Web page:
Bill Clinton’s sordid and squalid liaison’s with White House intern Monica Lewinsky and saw the poor woman humiliated on an international scale. Yet she was savvy enough to sell THAT dress, stained by their intimate liaison, for thousands of dollars with it being bought by Eileen Braithwaite solely to wear it to a fancy dress party so when others enquired what she was dressed as she could tell them she was dressed as the No1 hit by Dexy’s Midnight Runners , ‘Come on Eileen’! (You’re fired! – Ed). This contrived and clearly fictional anecdote is not the basis of the new film Eileen starring Thomasin McKenzie and Anne Hathaway.
Set in the late 1950’s Eileen (Thomasin McKenzie) is a lonely and bored 24 year old living working as a secretary at a youth offenders institute and also taking care of her drunken abusive father with whom she lives. Sexually frustrated and prone to , at times quite shocking, fantasy Eileen’s world is drab and dull with little excitement. That is until new in town Rebecca (Anne Hathaway) arrives at the facility to work as a psychologist with a unique therapy style. She is everything that Elieen isn’t. Confident, sexy, colourful and the opposites attract with Eileen immediately drawn to this exciting woman. Soon Rebecca invites her out for exotic martini’s at a local bar. Maybe its friendship, maybe it’s the start of a romance but for the first time Eileen feels alive as they dance together with Eileen’s burgeoning sexuality. It’s a moment that changes everything for her yet not as she might expect as the film takes a decidedly dark and unexpected turn. There’s a distinctly film noir atmosphere to the proceedings that takes us and Eileen in an unknown direction but also opens up an opportunity to be what she wants. It’s an end scene that might prove divisive but is in keeping with the genre its replicates.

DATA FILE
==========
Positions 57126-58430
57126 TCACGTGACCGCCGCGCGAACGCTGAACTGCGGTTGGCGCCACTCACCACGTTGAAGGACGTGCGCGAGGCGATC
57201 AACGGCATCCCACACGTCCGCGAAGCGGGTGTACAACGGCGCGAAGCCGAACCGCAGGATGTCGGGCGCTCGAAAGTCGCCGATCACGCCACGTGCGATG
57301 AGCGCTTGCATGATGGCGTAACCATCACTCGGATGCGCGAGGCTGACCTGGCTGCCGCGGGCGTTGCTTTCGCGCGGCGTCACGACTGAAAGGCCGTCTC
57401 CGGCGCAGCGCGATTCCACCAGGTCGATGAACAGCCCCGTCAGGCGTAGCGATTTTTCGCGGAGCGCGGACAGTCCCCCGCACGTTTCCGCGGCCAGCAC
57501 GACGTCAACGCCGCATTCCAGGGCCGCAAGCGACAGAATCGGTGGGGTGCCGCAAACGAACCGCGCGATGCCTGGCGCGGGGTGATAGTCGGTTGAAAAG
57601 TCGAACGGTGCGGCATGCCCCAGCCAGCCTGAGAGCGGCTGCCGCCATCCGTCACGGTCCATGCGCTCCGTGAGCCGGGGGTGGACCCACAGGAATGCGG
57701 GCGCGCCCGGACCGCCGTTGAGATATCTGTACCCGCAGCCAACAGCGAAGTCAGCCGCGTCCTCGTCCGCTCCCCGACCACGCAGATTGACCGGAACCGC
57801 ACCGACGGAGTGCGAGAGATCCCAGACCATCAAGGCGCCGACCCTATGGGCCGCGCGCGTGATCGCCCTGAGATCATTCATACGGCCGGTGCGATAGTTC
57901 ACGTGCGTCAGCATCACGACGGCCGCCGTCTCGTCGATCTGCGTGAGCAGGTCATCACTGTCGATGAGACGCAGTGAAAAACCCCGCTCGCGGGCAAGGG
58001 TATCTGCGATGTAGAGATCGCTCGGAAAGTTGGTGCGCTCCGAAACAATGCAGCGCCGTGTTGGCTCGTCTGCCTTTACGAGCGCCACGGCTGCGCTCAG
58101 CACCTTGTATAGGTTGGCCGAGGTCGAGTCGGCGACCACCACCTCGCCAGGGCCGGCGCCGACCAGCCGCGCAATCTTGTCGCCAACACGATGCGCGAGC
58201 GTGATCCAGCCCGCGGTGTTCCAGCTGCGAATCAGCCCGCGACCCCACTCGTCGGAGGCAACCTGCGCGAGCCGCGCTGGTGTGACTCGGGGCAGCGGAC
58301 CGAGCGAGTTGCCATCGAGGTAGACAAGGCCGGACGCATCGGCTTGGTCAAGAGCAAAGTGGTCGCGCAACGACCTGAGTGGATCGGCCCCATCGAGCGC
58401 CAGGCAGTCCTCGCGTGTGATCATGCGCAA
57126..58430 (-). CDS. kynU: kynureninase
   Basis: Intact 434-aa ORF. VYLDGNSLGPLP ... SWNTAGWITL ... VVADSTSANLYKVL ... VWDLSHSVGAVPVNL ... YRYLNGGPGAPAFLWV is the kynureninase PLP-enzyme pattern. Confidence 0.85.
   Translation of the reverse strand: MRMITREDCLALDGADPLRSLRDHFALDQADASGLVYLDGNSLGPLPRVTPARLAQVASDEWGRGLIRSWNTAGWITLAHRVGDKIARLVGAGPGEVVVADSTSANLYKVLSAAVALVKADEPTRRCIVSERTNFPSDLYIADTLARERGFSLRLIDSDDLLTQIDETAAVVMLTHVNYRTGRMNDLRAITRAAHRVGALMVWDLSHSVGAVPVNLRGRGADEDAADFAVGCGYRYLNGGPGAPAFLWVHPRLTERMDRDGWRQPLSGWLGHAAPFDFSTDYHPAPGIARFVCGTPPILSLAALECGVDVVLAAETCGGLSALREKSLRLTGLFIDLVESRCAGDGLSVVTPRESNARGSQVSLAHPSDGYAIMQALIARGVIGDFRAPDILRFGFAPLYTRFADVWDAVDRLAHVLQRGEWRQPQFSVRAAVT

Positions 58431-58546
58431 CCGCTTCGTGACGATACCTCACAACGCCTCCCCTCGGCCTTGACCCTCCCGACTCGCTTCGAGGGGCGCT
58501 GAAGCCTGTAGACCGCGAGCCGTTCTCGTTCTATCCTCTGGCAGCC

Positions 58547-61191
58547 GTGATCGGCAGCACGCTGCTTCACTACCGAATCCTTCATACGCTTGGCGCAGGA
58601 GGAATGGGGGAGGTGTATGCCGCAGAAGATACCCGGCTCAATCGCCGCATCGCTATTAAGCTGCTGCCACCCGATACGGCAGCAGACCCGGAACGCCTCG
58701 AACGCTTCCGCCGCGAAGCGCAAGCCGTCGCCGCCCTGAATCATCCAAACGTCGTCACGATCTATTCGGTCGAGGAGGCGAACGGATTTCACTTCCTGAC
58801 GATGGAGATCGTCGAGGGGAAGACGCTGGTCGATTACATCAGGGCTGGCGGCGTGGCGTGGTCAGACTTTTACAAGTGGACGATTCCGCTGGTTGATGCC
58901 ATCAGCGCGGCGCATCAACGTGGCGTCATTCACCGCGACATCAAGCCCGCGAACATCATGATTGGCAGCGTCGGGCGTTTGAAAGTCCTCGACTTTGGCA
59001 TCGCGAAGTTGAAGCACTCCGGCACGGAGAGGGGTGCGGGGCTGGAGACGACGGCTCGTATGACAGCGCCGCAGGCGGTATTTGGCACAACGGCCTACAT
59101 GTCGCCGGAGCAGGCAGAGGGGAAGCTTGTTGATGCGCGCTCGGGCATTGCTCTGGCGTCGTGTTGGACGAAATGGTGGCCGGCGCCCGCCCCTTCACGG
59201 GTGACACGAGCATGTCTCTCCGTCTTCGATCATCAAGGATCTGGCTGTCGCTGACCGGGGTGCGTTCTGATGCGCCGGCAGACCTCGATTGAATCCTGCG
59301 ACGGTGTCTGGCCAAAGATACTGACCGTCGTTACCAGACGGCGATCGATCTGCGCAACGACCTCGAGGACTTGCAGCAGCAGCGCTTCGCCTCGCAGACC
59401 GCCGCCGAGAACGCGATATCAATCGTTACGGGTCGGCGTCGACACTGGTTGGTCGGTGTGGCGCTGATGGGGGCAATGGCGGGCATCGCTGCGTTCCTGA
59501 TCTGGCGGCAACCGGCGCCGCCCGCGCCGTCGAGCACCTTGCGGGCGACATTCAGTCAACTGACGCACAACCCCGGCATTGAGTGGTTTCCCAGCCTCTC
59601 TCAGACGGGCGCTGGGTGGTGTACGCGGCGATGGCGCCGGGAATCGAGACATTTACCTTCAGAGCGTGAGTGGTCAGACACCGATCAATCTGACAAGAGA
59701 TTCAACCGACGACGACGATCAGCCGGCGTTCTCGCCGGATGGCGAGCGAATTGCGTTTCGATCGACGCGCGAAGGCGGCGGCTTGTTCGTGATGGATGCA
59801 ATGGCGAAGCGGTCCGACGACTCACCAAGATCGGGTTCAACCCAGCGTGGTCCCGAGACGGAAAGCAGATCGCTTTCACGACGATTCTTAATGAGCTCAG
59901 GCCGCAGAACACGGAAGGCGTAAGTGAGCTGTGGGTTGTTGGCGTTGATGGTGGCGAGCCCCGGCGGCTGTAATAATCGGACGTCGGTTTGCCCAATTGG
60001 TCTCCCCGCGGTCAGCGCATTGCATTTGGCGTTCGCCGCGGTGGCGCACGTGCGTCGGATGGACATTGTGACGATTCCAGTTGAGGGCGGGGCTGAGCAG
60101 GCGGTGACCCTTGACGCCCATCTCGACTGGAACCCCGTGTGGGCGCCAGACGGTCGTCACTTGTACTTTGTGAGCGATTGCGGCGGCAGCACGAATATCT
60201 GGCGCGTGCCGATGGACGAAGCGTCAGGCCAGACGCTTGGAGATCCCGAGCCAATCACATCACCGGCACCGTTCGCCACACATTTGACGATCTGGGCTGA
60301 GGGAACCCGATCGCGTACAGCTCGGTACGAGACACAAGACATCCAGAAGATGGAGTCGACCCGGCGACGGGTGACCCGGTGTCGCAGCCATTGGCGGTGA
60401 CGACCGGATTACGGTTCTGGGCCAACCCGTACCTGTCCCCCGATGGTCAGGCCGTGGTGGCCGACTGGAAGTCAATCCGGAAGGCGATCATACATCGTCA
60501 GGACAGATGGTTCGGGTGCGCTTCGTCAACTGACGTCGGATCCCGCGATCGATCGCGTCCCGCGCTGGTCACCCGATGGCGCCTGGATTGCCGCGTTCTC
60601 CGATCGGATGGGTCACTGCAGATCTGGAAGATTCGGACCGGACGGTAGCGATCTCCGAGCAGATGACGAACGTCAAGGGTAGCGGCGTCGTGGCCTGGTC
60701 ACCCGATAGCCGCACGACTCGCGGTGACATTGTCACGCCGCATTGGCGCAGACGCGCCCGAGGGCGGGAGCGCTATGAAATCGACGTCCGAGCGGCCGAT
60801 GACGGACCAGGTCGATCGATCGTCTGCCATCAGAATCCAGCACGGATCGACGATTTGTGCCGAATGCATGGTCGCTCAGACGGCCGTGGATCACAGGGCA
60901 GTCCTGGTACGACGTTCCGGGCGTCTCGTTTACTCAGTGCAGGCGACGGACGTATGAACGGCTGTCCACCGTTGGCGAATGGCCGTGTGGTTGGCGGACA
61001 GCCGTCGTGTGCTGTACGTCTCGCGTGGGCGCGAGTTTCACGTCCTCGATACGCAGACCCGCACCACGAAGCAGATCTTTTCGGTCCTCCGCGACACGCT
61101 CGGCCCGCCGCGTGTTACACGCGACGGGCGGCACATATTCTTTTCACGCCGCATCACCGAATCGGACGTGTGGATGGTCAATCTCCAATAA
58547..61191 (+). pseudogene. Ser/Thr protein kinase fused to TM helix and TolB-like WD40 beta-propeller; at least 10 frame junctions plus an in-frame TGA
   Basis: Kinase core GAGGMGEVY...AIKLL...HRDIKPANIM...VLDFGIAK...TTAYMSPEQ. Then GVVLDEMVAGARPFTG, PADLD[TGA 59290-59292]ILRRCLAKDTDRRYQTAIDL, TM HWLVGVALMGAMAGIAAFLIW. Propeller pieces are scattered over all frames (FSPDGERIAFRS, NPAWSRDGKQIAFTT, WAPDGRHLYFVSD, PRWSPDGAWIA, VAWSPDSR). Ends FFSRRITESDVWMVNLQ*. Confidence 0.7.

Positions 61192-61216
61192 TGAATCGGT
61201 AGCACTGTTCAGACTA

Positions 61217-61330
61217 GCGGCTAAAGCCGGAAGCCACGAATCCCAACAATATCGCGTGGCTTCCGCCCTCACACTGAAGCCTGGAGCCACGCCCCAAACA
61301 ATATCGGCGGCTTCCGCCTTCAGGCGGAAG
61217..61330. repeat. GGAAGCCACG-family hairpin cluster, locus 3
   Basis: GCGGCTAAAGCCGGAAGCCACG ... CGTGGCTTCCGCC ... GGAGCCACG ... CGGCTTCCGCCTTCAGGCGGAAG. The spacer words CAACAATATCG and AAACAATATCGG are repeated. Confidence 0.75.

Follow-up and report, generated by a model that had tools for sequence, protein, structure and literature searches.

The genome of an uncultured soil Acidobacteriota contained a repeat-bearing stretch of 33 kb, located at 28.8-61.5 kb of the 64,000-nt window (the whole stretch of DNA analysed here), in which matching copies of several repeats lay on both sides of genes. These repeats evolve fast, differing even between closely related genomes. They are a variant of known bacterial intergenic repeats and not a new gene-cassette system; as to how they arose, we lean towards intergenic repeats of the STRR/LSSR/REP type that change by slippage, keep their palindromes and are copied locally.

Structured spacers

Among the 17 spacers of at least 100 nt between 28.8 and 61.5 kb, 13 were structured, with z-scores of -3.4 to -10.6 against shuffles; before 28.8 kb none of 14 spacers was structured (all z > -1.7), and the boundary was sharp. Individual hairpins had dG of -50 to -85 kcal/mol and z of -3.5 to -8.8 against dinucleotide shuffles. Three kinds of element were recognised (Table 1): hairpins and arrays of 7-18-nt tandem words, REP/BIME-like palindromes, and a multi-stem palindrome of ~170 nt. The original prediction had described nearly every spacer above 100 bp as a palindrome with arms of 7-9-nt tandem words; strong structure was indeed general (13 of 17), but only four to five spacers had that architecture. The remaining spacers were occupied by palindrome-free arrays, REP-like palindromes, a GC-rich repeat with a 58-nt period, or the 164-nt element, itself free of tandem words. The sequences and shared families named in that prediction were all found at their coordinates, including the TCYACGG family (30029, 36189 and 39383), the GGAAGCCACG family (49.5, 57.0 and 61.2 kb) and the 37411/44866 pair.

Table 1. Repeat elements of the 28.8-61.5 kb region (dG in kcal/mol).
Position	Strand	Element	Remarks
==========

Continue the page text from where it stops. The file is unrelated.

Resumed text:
Based on Ottesa Moshfegh’s book that was shortlisted for the Booker Prize she adapts it with Luke Goebel into an intriguing narrative with several often jarring moments and shocking flights of fantasy and ends as a very different genre from how the film seems to be going. Both leads are good especially Hathaway who excels in the role and director William Oldroyd, whose debut film was Lady Macbeth that introduced us to a fledgling Florence Pugh. Eileen is the latest film to add to an impressive back catalogue that includes Last Night in Soho, Old and Jojo Rabbit and she deserves a breakout role but Eileen is probably not the film that will do that just yet but is a stylish thriller nonetheless
related feature : Turning Anne Hathaway into a Grand High Witch…….
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Here’s the trailer for Eileen…..